The trick with link building is to firstly ensure that the people linking to you are relevant to your industry so if you are in the bicycle business, you are not that bothered with getting book sellers to link to you, but to get a link from the Tour de France site would be brilliant! Secondly you want sites with a good PageRank to link to you (normally 4 or above) because you want them to pass on a little of their PR to you.

Anchor Text

Anchor text is the text you use to make a link. Most people use the web address as the link e.g. but if you are trying to optimise your website for a particular keyword you should use the keyword(s) as the anchor text so Web design Staffordshire would be a better way to link to our website than simply using the URL.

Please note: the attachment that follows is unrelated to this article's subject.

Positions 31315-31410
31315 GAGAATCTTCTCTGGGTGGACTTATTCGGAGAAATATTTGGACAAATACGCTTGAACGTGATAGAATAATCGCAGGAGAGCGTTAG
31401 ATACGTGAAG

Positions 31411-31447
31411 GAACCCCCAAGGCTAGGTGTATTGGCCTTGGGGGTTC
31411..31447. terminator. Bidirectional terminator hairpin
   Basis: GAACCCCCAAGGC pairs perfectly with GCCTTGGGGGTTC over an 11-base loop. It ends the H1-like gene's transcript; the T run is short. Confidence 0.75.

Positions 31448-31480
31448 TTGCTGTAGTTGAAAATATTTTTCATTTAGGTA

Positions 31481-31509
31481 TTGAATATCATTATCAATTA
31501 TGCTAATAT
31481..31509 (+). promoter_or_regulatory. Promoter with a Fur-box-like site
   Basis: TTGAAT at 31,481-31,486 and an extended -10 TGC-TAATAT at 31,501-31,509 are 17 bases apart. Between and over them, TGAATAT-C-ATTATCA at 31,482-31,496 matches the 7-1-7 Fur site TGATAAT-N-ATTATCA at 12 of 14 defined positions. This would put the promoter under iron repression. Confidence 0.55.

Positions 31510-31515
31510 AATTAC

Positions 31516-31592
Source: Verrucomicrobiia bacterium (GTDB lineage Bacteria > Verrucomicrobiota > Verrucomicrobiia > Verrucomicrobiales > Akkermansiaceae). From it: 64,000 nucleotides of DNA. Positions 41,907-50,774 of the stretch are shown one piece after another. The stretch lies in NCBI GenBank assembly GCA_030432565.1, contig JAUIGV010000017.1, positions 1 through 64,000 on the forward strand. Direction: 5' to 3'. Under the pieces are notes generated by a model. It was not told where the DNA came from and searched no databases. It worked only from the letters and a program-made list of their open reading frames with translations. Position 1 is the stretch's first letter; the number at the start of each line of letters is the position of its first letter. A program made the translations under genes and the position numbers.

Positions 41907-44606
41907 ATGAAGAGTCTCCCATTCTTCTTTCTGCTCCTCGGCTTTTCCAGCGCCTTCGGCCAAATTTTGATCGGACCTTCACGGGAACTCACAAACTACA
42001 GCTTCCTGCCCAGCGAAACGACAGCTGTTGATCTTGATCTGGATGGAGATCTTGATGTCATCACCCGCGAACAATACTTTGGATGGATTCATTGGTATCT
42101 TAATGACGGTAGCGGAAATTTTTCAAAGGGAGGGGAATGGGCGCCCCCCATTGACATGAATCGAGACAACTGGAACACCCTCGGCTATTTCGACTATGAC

(Meta) Tags

Meta tags and tags are tags (or labels) used to describe the various parts of a web page. Meta data is the information contained within the tags. The tags most people in the SEO business are concerned with are:

  • The Title tag
  • The Keyword tag
  • The Description tag
  • Alt tags
  • Heading tags


Content is the information on your website. It is most frequently used to refer to the words on your site. In SEO “content is king” – the more rich content your site has the better it should perform. Where content is concerned it is also important to constantly review and update it so that the search engine robots have something new to interest them each time they visit your site. The more new content you give them, the more likely they are to visit your website.

CMS        Content Management System